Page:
It is, sadly, blatantly clear that Theresa May’s new Psychoactive Substances bill is does not aim to target harm, but pleasure. It outlaws ‘any substance… which, by acting on the central nervous system, affects the person’s mental functioning or emotional state’. There is no mention made anywhere in the bill of the dangers of so-called legal highs; in a somewhat disturbing move, the proposed bill identifies its targets by the psychoactive effects they generate, and not the dangers they might pose.
The vague wording of the bill, with its references to ‘emotional state’, has led some commentators to point out that almost anything we ‘consume’ or ‘ingest’ could fall under its scope in some way or another. Some possible examples could include the smell of a perfume worn by someone you love (which creates an emotional effect), flowers (because they smell nice and this makes us happy), and eye drops (by moisturising your eyes, they make you feel better and temporarily relieve allergies or itching). Of course, fairly harmless highs, which are currently still legal, such as nitrous oxide and poppers will also be banned, along with the manufactured cocaine and ecstasy substitutes that the government was presumably trying to tackle with the ban.
Putting aside the amusingly poor wording of the legislation, the Psychoactive Substances Bill is another sad indication of the incredibly poorly focused attitude that the United Kingdom takes toward drugs. Yes, drugs can cause immense harm, but the vast majority of this harm is caused by drugs which are perfectly legal, namely alcohol and tobacco, both of which are specifically exempt from the bill and both of which would unquestionably be illegal if they were discovered today. The government wants to ban laughing gas, but refuses even to introduce a minimum price for alcohol; it will throw you into jail for selling non-addictive cannabis, but continues to allow the tobacco industry to make vast profits by encouraging millions to try and subsequently become addicted to cigarettes.
The Home Office’s own research, published in October 2014, found that ‘there is no apparent correlation between the “toughness” of a country’s approach and the prevalence of adult drug use’. Our often unjustified aversion to recreational drugs is so entrenched that it has even led to legal difficulties researching their potential medical benefits, such as the reported ability of MDMA to help with treatment of Post Traumatic Stress Disorder, and the benefits that certain types of cannabis can have for those with epilepsy. Dozens of people still die every year from tskinh contaminated batches of drugs or unintentionally overdosing, simply because when the drugs trade is driven underground, people don’t really know what they’re buying.
In fact, most of the damage and deaths caused by drug use are due to the fact that, in the absence of legal regulation, there is no way of knowing the purity of the drugs you are taking; four people died in January this year from contaminated ecstasy tablets, and an accidental overdose is far easier when you don’t know the strength of what you’ve just bought. Putting aside safety concerns for a second, by driving the drugs trade under ground, the government is effectively handing control of a multibillion pound industry over to criminal gangs who have no legal incentives to ensure that their product is what they say it is, that they sell only to adults, or that their customers are informed of the risks of taking drugs.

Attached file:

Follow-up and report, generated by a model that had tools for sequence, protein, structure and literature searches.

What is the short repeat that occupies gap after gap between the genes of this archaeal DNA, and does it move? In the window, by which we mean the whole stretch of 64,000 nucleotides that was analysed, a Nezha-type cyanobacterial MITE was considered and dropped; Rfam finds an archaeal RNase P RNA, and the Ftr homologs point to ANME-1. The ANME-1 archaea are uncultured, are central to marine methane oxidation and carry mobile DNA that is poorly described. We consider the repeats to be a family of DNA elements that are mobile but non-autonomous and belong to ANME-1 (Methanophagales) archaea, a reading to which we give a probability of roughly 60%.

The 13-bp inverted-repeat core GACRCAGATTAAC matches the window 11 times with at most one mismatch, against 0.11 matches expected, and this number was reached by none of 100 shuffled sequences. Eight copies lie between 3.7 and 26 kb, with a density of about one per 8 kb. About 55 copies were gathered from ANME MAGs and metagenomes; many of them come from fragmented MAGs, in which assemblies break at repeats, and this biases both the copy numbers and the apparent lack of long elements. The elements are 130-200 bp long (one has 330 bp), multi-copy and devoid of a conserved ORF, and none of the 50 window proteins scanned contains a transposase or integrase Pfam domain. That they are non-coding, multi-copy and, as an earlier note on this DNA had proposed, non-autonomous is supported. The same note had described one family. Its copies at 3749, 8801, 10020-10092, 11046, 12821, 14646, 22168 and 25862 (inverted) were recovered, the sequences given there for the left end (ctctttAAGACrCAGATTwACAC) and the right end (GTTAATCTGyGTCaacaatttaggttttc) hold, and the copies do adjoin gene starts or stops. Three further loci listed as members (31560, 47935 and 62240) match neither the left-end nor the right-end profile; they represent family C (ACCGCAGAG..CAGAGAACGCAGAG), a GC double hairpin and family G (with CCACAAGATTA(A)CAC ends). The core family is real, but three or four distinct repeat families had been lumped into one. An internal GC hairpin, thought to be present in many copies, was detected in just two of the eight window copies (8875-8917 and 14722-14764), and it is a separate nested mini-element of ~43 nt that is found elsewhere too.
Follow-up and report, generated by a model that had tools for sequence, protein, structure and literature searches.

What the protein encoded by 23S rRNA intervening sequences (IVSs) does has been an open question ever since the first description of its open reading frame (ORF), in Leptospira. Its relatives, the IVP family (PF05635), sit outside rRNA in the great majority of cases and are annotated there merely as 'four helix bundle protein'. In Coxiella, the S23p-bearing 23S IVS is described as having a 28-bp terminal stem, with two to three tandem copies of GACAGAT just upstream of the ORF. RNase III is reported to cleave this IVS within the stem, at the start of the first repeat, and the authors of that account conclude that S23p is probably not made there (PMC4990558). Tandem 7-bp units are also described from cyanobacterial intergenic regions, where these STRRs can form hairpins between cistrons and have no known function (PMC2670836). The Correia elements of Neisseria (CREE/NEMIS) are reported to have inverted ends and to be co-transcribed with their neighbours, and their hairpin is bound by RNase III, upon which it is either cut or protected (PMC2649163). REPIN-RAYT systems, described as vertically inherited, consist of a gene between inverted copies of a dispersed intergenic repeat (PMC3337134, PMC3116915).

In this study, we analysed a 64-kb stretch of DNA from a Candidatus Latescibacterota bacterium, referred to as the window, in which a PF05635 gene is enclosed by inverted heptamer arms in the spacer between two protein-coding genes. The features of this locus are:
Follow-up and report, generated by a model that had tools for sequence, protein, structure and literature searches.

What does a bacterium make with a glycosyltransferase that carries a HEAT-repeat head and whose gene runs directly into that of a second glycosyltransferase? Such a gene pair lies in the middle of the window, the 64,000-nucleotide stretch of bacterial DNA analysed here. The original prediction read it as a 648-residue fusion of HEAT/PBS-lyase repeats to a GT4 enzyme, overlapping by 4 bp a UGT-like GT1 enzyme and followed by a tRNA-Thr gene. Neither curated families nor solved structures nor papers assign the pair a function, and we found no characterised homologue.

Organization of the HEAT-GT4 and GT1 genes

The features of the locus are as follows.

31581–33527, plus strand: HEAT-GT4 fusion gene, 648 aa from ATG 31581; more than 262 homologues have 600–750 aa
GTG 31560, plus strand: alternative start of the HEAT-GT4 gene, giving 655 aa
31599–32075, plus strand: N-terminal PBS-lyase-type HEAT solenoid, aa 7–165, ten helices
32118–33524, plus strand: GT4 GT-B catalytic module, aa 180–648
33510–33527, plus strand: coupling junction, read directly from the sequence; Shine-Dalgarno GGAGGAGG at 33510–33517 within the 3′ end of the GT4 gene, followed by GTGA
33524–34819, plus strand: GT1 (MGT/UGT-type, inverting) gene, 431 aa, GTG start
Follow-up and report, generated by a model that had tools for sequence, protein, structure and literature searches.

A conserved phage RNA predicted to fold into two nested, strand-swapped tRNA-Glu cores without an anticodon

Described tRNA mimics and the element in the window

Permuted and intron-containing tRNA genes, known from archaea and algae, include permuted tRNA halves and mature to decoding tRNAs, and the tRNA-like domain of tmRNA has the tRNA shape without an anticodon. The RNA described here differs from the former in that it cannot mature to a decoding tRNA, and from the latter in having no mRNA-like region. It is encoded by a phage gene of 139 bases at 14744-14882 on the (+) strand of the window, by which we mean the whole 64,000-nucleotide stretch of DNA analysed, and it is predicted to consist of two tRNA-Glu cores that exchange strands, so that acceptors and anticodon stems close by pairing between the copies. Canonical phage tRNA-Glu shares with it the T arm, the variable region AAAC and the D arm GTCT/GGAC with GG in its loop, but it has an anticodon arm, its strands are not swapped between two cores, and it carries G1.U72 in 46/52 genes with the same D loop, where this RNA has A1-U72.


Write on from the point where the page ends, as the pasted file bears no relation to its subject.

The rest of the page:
Drug use would be far safer and, crucially, infinitely easier to control, if all drugs were declared legal, and their sale controlled by the government through the use of appropriate health warnings and age restrictions, similarly to the way in which the sale of tobacco has been controlled; rates of smoking have more than halved since the 1970s. Legalising recreational drugs doesn’t mean that they would be handed out to kids in Boots; they could only be sold in shops which were run by the government and which would require customers to show their ID at the door, and public information campaigns could be run to warn potential users off away from drugs.
If adults, fully informed of the risks and benefits of recreational drug use, decide nevertheless to take drugs in private, it is not the government’s place to punish them for that decision. State intervention in actions that purely affect ourselves smacks of overzealous paternalism and hypocrisy; David Cameron was almost expelled from Eton for smoking cannabis and has consistently refused to deny taking cocaine. If the state wants to protect us from ourselves, it might as well ban extreme sports; if it wants to reduce the damage and deaths caused by drugs, it should do more to reduce alcohol and tobacco consumption.
Taking aim at laughing gas and poppers whilst allowing alcohol abuse to continue unfettered in public and in private is spectacularly misguided, and shows once again that our drugs policy is based on emotion instead of on evidence. As David Nutt, the former government drugs advisor sacked for pointing out the horse riding is more dangerous than ecstasy, said, the proposed legislation is ‘pathetic’. The government is not the mother of everyone in the country; if people want to take legal highs, or any other drug for that matter, they should be allowed to make that decision themselves.